LMT’s 30th annual LAB DAY Chicago—the largest dental laboratory show in North America—was a record-breaker with 3,236 attendees and sold-out exhibit space. For the first time since we...See more moved to a two-day format in 2011, the Exhibit Hall was as flooded on Friday as it was on Saturday! Packed with energy and enthusiasm, attendees (from 53 countries and 49 states) told us they greatly appreciated the excellent manufacturer-sponsored programs—over 300 concurrent sessions in all—because they focused on practical education and information rather than on pushing product sales. “I have been coming to LAB DAY since 2008. It’s an exciting place to meet lab technicians from all over the world,” said Mark Urlaub, Owner, Precision Dental, Omaha, NE. “You get to see the latest and greatest technology, meet sales reps, network and earn CE credits. I always learn new tips and tricks at LAB DAY; it’s a great place to perfect your technique!” In addition to education, LMT LAB DAY Chicago is the place for product launches and breaking news and on the following pages, LMT Editors bring you the inside scoop. LMT is also sharing some breaking news of its own: LAB DAY 2015 is moving to the Hyatt Regency Chicago, across the river from the Sheraton. The Exhibit Hall is 70,000 square feet—almost double the size of the Hall at the Sheraton. This will enable us to have larger booth sizes, wider walking aisles, more room to learn and network, and a concession stand with a lounge area for attendees on the Exhibit Hall floor. Watch upcoming issues of LMT and LMTmag.com for details!
Wyoming, MI Owner: Dental Services Group; Area Vice President: Kim Jones Employees: 150 Twice named one of West Michigan’s 101 Best and Brightest Companies to Work For, DSG Davis has found numerous...See more ways to create a work environment where employees feel excited about coming to work each day. “Even though we’re owned by a corporation, Dental Services Group, management has maintained a family-like atmosphere,” says Dan Smith, CDT, Crown and Bridge Supervisor. For example, the lab promotes work-life balance by allowing employees, when feasible, to set their own start time and adjust their schedules when they have appointments during the day. To encourage healthier lifestyles, the lab installed a new vending machine with healthier food options. In its annual walking challenges, employees receive a pedometer and win gift cards based on the number of steps they walk per month. Employees are encouraged to showcase their artistic talents in numerous contests, including the annual art, parking lot chalk and Easter egg decorating contests. Their professional achievements are regularly recognized and celebrated through company lunches in honor of milestone anniversaries, Employee of the Month, Employee of the Year and Peer Recognition Programs where employees can thank each other for their help with a project or tough case. Continuing education and training are also paramount. “We develop our employees starting on day one and continue to provide ongoing training to keep technicians current with changing trends in materials, techniques and new technology,” says Kris Bainbridge, PHR, Human Resource Administrator. Obtaining certification is strongly encouraged and supported with CDT study groups and the lab was one of the first in the country to have technicians receive the NBC’s Certificate of Competency, which can be a stepping stone to certification. “Dedication is ingrained in every employee, from our 80-year-old part-time maintenance man to our cosmetic ceramist working on a full-mouth rehabilitation case, and every person knows the importance of what he or she does and how it affects the patient,” says Smith. “I appreciate the fact that management takes great care to listen to and meet, if possible, the needs and aspirations of every one of its employees because a happy worker is a productive worker. They build loyalty and trust through acts of kindness and putting their employees first.”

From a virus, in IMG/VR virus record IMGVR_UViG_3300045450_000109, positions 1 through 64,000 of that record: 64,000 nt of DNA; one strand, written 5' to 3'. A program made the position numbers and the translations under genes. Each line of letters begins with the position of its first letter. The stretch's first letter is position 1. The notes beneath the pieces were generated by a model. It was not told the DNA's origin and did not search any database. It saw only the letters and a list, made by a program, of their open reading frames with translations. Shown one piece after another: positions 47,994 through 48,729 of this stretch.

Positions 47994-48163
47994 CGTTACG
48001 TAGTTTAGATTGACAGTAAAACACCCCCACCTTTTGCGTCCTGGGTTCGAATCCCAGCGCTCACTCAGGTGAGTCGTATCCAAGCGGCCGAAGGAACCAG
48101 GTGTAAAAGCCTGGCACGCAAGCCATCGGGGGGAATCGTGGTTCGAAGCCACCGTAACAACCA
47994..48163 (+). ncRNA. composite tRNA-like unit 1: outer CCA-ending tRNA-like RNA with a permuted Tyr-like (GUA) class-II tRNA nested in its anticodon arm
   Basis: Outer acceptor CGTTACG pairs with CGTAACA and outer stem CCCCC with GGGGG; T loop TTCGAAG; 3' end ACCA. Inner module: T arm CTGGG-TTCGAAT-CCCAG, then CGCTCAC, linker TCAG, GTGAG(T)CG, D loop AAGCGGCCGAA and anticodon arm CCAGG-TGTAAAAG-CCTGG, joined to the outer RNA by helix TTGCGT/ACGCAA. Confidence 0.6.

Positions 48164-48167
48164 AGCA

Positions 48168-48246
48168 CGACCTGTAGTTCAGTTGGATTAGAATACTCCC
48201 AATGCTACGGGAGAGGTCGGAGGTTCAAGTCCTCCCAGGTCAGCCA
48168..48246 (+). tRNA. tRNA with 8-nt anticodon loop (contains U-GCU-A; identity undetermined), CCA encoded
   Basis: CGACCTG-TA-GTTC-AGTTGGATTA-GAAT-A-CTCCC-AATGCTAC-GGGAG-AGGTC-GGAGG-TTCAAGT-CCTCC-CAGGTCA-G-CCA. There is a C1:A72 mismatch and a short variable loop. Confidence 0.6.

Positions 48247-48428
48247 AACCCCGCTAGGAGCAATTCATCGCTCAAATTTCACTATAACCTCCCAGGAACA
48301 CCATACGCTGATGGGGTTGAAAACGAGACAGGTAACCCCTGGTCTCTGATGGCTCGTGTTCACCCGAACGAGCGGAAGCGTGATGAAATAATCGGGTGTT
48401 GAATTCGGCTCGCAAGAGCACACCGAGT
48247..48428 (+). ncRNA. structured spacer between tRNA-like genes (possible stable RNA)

Oldsmar, FL Owner: Warren Rogers 87 employees Knight Dental Group considers its employees so valuable, they’re included in the company’s mission statement: “Our employees are one of our...See more most precious resources; we will treat them with respect and provide a state-of-the-art facility with continuing education and a quality-centered environment.” True to its word, the lab provides the latest equipment and materials in its sparkling, 23,000-sq-ft facility as well as top-notch training. In addition to bringing speakers in house eight times a year, managers create individualized training programs for technicians, sending them to courses both locally and across the country depending on what skills they need to acquire. Knight is also very supportive of technicians seeking a CDT designation. For instance, in addition to hosting CDT tests, the lab offers a CDT Study Group that meets during the workday for two hours once a week for five months. It also covers all expenses—projector, books, wax, porcelain, etc.—as well as all CDT fees, including the testing and annual fees. Once a technician passes the test, he is awarded $500 and a spot in the “walk of honor,” a hallway that contains the technicians’ framed CDT certificates. This supportive environment may be one of the reasons that last year alone, eight Knight technicians earned a CDT designation.